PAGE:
Anyway, like the Roaring 20’s, the ND-USC show has never lacked power, spark, electricity, or anything else relating to voltage. Quite often it packed a boat load of national prominence. Even when one or both teams have experienced down years, it always pleases.
No other intersectional rivalry has ever topped it, or ever will.
What I’m about to say may come as a shock to some. I’ve decided that since the Pac-12 in all probability won’t be playing games until January 2021, at the earliest, I’m going to cover Notre Dame for the 2020 season.
I won’t be writing standard post-game analysis (or drivel, if you prefer), though there will be some yakety-yak at times.
For the most part I’ll explore the lavish tradition of this ancient match-up, while taking full advantage of my platform here at SportsPac12.com to blare my disdain for the team I love to loathe—the Fighting Frickin’ Irish of Notre Dame.
This kind of bizarro-world move isn’t entirely without precedent.
Pat Haden was color commentator for Notre Dame football for 12 years; his own mother wanted him to go to Notre Dame. We all remember the travesty that was his stint as USC’s AD, though I’m sure just about everyone is trying to forget. So what I’m doing isn’t nearly as awful.
Let’s go down this path together. I don’t know how we’ll get to the end, but hopefully it’ll be in one piece.
And without a Notre Dame National Championship, though I doubt we’ll have to freak out over that.
How about it, Trojan fans? Are you up for some Leprechaun bashing?
—Recent Mik Dietlin Stories—
- Dietlin: A Russian Hacker, USF, and Why the Irish are Postseason Losers
- Dietlin: The Greatness of ‘The Four Horsemen’ is Long Gone for Notre Dame
- Dietlin Mailbag: The Fate of ‘The Cat,’ USC’s Oregon Problem & NCAA Hypocrisy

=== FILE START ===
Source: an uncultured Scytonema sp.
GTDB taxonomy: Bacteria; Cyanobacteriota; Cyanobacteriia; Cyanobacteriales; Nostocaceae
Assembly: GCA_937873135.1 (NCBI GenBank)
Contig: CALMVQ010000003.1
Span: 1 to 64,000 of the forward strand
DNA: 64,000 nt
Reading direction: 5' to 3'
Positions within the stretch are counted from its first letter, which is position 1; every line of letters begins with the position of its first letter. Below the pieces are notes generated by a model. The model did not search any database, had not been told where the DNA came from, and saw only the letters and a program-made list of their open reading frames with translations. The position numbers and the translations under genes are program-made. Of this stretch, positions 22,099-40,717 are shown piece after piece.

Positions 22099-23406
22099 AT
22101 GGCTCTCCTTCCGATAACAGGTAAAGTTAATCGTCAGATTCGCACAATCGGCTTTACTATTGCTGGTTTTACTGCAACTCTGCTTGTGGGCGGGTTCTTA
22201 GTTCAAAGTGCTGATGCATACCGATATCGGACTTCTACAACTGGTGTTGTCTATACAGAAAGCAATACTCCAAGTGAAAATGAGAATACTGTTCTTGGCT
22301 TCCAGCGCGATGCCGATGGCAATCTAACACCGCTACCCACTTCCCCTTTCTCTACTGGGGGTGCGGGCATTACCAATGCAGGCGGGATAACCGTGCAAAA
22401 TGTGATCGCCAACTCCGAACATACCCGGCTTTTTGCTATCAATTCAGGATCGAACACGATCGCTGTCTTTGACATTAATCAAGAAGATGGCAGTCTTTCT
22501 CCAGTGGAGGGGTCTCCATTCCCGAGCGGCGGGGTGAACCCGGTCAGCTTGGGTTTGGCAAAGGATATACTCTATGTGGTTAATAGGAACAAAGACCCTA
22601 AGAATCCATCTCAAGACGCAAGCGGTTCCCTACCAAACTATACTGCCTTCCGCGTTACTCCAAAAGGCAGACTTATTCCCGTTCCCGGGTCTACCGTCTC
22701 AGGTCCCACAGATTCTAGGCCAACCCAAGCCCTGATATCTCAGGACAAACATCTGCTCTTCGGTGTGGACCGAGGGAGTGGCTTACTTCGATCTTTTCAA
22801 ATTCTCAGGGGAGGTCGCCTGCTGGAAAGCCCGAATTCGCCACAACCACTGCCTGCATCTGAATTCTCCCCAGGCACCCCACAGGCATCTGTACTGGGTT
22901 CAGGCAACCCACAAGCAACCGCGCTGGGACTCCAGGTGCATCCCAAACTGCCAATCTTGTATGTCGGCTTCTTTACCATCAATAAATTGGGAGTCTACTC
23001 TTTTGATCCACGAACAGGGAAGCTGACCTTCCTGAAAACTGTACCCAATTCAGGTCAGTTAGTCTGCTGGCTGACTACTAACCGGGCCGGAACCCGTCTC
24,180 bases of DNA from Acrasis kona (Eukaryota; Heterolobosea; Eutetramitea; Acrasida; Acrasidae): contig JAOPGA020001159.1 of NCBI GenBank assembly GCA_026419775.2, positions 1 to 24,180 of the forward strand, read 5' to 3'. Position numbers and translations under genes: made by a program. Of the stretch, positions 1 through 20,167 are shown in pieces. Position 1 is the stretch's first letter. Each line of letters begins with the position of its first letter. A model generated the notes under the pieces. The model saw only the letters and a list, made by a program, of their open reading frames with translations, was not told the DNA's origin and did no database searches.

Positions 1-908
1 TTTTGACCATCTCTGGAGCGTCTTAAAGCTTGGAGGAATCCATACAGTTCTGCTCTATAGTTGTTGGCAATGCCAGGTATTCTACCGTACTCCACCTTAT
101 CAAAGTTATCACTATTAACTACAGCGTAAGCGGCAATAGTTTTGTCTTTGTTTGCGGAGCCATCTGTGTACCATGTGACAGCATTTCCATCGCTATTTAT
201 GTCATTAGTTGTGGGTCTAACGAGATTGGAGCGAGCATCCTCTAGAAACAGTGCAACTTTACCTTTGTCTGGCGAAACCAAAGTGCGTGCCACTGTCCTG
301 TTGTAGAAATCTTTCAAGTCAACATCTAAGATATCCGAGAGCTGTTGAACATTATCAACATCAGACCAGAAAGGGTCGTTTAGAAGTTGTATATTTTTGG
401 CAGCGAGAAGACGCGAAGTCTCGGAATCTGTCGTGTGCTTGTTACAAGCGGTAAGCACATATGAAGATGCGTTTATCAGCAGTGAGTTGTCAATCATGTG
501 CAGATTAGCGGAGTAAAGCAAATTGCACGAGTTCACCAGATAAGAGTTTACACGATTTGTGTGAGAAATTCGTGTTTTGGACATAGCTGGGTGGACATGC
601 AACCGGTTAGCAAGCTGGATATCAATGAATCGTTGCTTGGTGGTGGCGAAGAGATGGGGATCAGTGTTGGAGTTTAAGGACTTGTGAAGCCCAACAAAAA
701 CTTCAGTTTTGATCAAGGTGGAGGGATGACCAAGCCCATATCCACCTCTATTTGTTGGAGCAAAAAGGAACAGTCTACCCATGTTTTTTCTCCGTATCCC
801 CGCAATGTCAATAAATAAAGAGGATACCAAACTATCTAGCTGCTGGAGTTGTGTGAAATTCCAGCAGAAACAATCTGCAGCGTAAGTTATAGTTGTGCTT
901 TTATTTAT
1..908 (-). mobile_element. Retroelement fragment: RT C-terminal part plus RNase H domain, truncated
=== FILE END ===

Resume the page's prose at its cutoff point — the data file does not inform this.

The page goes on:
- The Football Gods are Angry, but Pac-12 did Right Thing
- Dietlin: We Know CFB will Happen & We Know it Shouldn’t
- 2020 Preseason All-SportsPac12 Football Team
- 2020 SportsPac12 California All-Region Team
- Dietlin: Despite Dismal Helmet Decal, OSU Football on Rise
- Dietlin: To My Little Brother & Reggie Bush—Sorry, not Sorry
- Dietlin: Graham Harrell Key to USC’s Future
- Dietlin: What JT Daniels Loses in the Portal
- Dietlin: How I’m Coping Without Live Sports
- Dietlin: Hires Show Trojans Fighting Back
- Dietlin: Costello’s Exit Troubling for Tree
- Dietlin: On USC’s Use and Abuse of Tradition
- Dietlin: USC’s New DC, a Bus, and ‘The Cat’
- Dietlin: The Oregon Rocket is Still Blasting
- Dietlin: A Magic 8 Ball and the Top 8 Games
- Dietlin: Savvy USC Prospects Not Buying the BS
- Can USC’s Talented Offense Break Stingy Iowa Defense?
Dietlin: A Russian Hacker, USF, and Why the Irish are Postseason LosersNotre Dame's decades-long self-imposed bowl ban remains a conundrum - September 22, 2020
Dietlin: The Greatness of ‘The Four Horsemen’ is Long Gone for Notre DameAnd for what it's worth, the Fighting Irish beat lowly Duke last Saturday - September 14, 2020
What happens when a rogue USC writer decides to cover Notre Dame?No one knows for sure, but our Mik Dietlin is determined to give it a try - September 11, 2020